Why Summer Camp?

February 3, 2020
Andy Pritikin
camper with microphone

"Hey Dad," my teenage daughter beckons. "I was talking to my friend today . . . "

I interrupt her — "Hang on sweetie, were you actually talking to your friend?'

Her: "What do you mean?"

Me: "I mean, was there sound coming out of your mouth, going into her ear and vice versa?"

Her: "Duh, of course not, I never talk on my phone except to you and Mom!"

Oy. This is where we are at in 2020. The word "talk" has lost its meaning. Communication skills are going the way of the dodo bird, with human interaction being reduced to snaps, selfies, digital acronyms, embarrassing memes, and absurdly entertaining TikToks.

Young people are more digitally connected than ever before, while being significantly less personally connected as human beings.

You may think our kids talk to each other at school, but most schools are now handing children laptops or tablets to stare at for much of the day. When they come home, what do they want to do, of course? They are little screen addicts — and they take after most of us.

Parenting in 2020 is seriously difficult. Trust me, I know. It takes a level of discipline and commitment that our parents never had to deal with — mainly because of digital devices. From the little ones in our pocket, to the 72-inch, high-def, six-zillion-shows-at-our-fingertips ones.

Then there's social media. OMG! SMH! Likes, loves, friends/unfriends, follows/unfollows, online bullying, predators, and pornography — all just clicks away if you aren't paying attention . . . so pay attention!

What is the antidote? How can parents battle this ever-growing monster, especially during summer vacation when kids have even more free time and boredom to feed their screen addiction?

Well, there is an answer, an oasis away from screens, where children actually talk to each other using the ancient art of speech and body language. A step back in time, before digital data began stressing us all out: summer camp.

Now, there are lots of programs that call themselves "summer camp," and most have their merits, but I'm talking about those that are outdoors with grass, trees, humidity, sunscreen, bugs, and dirt. Learning how to swim, and how to hold a baseball/softball bat, a paint brush, and a guitar. Where kids muster the courage to talk to strangers, ask for help, climb a rock wall, and leap onto a stage or off a zipline platform!

And what happens when it rains? I'll tell you what doesn't happen — kids don't melt like the Wicked Witch of the West!  They actually have a blast jumping in puddles, getting soaked, and playing. It's what kids are supposed to do when they are kids. Because once they morph into adults . . . They just might end up getting paid to stare at screens all day.

Research confirms that today's children are more emotionally fragile than ever before, unable to cope with adversity. Half of students going off to college aren't making it to graduation day, yet most parents are on an unwavering mission to protect their children from the hardships of life. Kids are kept inside when it's too hot, too cold, too rainy, too icy. We bring them their schoolwork when they forget it at home. We wake them up in the morning, help them with their homework, and then get mad at ourselves for doing it. But at summer camp, their cool camp counselors can tell them to "figure it out" when they have a problem, and the kids usually listen to them without debate. If our children don't start figuring out things for themselves, and deal with the inevitable challenges of life, we may find them living at home for a very long time, or moving back when things don't go their way.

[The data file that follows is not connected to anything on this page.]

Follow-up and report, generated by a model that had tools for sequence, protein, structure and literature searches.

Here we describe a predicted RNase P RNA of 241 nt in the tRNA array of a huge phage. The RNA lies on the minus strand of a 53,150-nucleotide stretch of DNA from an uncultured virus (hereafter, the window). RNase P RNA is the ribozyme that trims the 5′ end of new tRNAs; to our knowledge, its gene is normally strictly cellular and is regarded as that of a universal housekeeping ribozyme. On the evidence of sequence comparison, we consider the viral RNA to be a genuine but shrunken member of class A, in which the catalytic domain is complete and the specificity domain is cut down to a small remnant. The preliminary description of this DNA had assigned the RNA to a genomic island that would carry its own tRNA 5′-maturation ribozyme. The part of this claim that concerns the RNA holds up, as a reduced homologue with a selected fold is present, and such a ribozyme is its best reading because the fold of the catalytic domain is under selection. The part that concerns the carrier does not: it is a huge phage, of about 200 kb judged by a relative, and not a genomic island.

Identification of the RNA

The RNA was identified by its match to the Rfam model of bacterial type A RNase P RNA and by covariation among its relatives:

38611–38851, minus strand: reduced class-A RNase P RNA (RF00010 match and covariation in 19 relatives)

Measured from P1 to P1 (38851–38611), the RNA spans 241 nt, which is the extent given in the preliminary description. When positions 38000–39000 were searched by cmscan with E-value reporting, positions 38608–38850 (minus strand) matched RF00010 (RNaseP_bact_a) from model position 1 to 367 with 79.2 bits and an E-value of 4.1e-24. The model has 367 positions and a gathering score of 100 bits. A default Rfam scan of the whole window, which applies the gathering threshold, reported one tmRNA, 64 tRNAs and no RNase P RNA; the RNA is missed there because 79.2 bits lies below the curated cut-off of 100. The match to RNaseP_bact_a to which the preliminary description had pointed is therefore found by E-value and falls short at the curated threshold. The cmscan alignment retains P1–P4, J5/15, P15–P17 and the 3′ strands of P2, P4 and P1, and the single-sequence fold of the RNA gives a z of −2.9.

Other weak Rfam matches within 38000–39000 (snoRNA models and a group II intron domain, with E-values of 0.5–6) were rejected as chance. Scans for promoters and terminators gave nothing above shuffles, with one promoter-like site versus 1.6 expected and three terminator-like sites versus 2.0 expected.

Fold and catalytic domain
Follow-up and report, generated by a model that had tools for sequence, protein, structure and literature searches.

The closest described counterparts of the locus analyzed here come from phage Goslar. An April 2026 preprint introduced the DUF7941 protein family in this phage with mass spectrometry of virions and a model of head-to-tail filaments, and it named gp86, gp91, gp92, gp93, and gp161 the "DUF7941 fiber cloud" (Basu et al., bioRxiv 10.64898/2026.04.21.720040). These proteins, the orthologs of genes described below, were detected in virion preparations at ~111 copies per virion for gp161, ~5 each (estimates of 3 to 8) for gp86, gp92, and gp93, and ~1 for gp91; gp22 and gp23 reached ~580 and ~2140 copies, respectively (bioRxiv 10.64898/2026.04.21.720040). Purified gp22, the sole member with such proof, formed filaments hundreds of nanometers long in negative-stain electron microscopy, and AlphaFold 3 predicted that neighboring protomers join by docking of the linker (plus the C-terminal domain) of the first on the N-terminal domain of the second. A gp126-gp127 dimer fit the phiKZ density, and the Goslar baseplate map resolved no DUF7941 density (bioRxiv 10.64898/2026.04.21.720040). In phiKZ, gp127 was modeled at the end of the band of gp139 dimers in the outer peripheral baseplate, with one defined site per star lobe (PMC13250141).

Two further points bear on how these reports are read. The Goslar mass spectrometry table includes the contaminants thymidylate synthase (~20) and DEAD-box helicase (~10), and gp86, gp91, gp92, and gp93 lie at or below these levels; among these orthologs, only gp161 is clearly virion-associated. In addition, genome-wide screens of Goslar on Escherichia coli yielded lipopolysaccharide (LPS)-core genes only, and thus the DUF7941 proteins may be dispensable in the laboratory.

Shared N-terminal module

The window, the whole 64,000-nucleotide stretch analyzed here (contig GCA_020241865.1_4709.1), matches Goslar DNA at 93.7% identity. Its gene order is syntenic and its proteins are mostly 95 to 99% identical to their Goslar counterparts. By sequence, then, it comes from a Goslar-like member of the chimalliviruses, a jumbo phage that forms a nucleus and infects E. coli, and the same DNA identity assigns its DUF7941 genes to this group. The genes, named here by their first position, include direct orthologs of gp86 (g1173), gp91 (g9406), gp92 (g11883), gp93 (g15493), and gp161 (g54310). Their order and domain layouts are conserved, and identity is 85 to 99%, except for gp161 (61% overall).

Humans are not born with great social skills. These are skills we learn and practice. As babies, we scream when we are upset, but eventually learn how to express ourselves to our parents and caregivers. Camp is a continuation of that process. Campers are put into challenging situations, requiring them to critically think through possible solutions, just like real (adult) life! Sometimes they will overcome obstacles and succeed, and sometimes they will simply fail — which is a super important life lesson, achieved more likely without parental interference.

Parents routinely spend or borrow inordinate sums of money for college to prepare their children for life. Comparatively speaking, an investment into summer camp is a bargain for the life skills it develops in a young person. Communication, collaboration, creativity, independence, and the ability to make and keep friends are the "soft skills" that employers are seeking in the 21st century, as well as typical outcomes of an American Camp Association-accredited camp.

So consider giving your kids an old-school, summer camp experience that they will learn from and cherish for the rest of their lives — it could end up being the wisest parental investment you ever make. And if your kids are high school or college students, encourage them to work at a summer camp to hone those same vital skills, along with empathy and some serious work ethic!

Andy Pritikin is the owner/director of Liberty Lake Day Camp; past president of American Camp Association, New York & New Jersey; and host of the Day Camp Podcast.

Photo courtesy of Liberty Lake Day Camp